What's Bugging You? Scale

Scale can be light brown, dark brown or white. In a warm, dry environment they will multiply quite rapidly.

Scale is a tiny sap sucking insect pest of indoor tropical plants and outdoor trees and shrubs.  Scale is not that easy to spot as the females produce a protective dome-like coating over themselves that may or may not be attached to their bodies.  This coating prevents many contact insecticides from killing the pest.  Their coating shapes differ but are usually round, oval or oyster shell like in shape.  Some even resemble flattened snail shells!  Scale can be light brown, dark brown or white.  In a warm, dry environment they will multiply quite rapidly.  Females will often reproduce without mating.  The males of some species become winged adults and look like tiny fungus gnats.  They are rarely seen and do not feed on the plants. 

Scale often appear in clusters on branches, twigs, in leaf joints and the underside of leaves. Like aphids, most species exude a sticky substance while feeding.  This is a tell-tale sign of scale and a large outbreak can cause large sticky areas on a heavily affected plant.   Ants are attracted and feed on the honeydew and are often mistaken for being the reason a plant is doing poorly. 

In our climate, scale will attack:

  1. Outdoor shrubs - Dogwoods, cotoneaster hedges, roses and lilacs.
  2. Trees - Willow, aspen, ash, apples and crabapples.
  3. Most indoor tropicals can be attacked; even cacti and succulents.

Plants with scale will begin to show slow growth, yellowing of leaves, wilting, and leaf drop. There are two groups of scale:

Hard Scale (Armored)

Hard scale create a body covering that is very hard and durable.  This coating is not attached to the insect’s body.  The insect feeds under this shell, laying eggs and producing baby crawlers who roam close to home and create their own hard coverings.  They do not secrete honeydew. 

Oystershell Scale 

Photo: Whitney Cranshaw, Colorado State Univ. Bugwood.org. Oystershell Scale- Insect Images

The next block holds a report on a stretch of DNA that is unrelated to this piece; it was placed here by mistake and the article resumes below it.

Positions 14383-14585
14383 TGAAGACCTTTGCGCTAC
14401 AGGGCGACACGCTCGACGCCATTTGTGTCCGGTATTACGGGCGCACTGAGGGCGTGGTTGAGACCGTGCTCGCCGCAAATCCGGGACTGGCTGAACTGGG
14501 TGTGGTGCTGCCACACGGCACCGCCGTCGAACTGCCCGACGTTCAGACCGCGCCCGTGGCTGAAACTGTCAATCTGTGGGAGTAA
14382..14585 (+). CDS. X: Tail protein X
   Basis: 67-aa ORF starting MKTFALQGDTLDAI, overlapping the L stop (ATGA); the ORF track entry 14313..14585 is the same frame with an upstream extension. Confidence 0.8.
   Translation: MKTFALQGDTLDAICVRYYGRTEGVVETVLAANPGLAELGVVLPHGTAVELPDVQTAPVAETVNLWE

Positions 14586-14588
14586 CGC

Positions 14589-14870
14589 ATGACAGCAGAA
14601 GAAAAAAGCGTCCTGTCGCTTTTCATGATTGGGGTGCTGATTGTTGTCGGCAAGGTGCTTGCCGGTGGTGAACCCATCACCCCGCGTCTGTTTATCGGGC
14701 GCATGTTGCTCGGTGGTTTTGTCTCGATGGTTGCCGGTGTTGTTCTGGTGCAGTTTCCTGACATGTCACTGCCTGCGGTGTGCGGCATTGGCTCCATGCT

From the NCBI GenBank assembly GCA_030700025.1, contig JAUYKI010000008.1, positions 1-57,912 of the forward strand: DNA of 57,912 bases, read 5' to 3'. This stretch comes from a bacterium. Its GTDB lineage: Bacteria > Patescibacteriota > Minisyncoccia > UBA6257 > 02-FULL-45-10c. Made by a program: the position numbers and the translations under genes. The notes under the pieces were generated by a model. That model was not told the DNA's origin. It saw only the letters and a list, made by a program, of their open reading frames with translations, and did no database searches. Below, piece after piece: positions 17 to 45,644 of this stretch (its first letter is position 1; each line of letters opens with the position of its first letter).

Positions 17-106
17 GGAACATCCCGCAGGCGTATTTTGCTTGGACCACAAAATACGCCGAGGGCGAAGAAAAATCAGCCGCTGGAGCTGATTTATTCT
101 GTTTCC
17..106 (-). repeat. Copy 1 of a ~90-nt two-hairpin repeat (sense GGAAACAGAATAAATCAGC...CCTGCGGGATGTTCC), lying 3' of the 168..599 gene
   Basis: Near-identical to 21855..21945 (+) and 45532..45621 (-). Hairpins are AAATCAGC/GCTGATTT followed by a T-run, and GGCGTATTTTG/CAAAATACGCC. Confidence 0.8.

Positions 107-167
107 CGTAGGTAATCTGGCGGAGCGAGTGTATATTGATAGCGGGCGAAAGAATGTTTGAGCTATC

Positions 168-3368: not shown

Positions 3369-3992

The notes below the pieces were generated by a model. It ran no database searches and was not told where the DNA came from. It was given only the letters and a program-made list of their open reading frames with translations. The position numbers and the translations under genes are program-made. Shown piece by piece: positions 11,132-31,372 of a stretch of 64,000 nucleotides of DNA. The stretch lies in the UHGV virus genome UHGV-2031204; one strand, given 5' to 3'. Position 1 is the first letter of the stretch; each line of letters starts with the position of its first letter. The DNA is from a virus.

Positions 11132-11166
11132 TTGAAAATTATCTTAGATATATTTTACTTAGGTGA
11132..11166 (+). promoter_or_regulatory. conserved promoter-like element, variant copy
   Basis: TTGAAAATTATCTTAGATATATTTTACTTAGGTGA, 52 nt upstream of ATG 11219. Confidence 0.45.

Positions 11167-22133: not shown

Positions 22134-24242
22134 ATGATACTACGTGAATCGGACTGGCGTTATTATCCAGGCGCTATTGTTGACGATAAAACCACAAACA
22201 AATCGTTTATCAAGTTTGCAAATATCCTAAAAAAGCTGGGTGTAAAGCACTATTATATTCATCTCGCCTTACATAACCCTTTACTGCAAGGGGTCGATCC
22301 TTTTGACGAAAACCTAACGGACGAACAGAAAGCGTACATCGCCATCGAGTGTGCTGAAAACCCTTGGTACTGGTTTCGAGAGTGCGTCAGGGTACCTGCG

Oystershell Scale is a hard scale and attaches itself to the twigs and branches of aspen, cotoneaster, dogwood, maple, willow and lilac.  As their name implies, they are oyster shell shaped and light to dark brown.  A dusty wax covering sometimes appears on their hard protective shell.  They are hard to spot as a heavy Oyster Shell scale infestation will look like bark from a distance.  When checking your plants take a close look at the branches, twigs, and leaves.

The eggs overwinter with their mother under her shell.  The eggs will hatch in mid to late spring. Adult females mature in mid-summer and then in fall lay the over -wintering eggs. In cool climates, Oystershell Scale produces one generation per year.

Pine Needle Scale

Photo: Kansas Dept of Agriculture: Insect Images

This species of scale occur on pine and spruce.  In North America, male pine needle scales are few and far between.  The females are white and manufacture a hard white shell.  The females may live and produce eggs through the winter and early spring.  In mid spring the newly hatched crawlers will emerge from under their mother’s protection and travel to a permanent feeding spot on the needles.  Hard body coverings are created and the cycle begins again.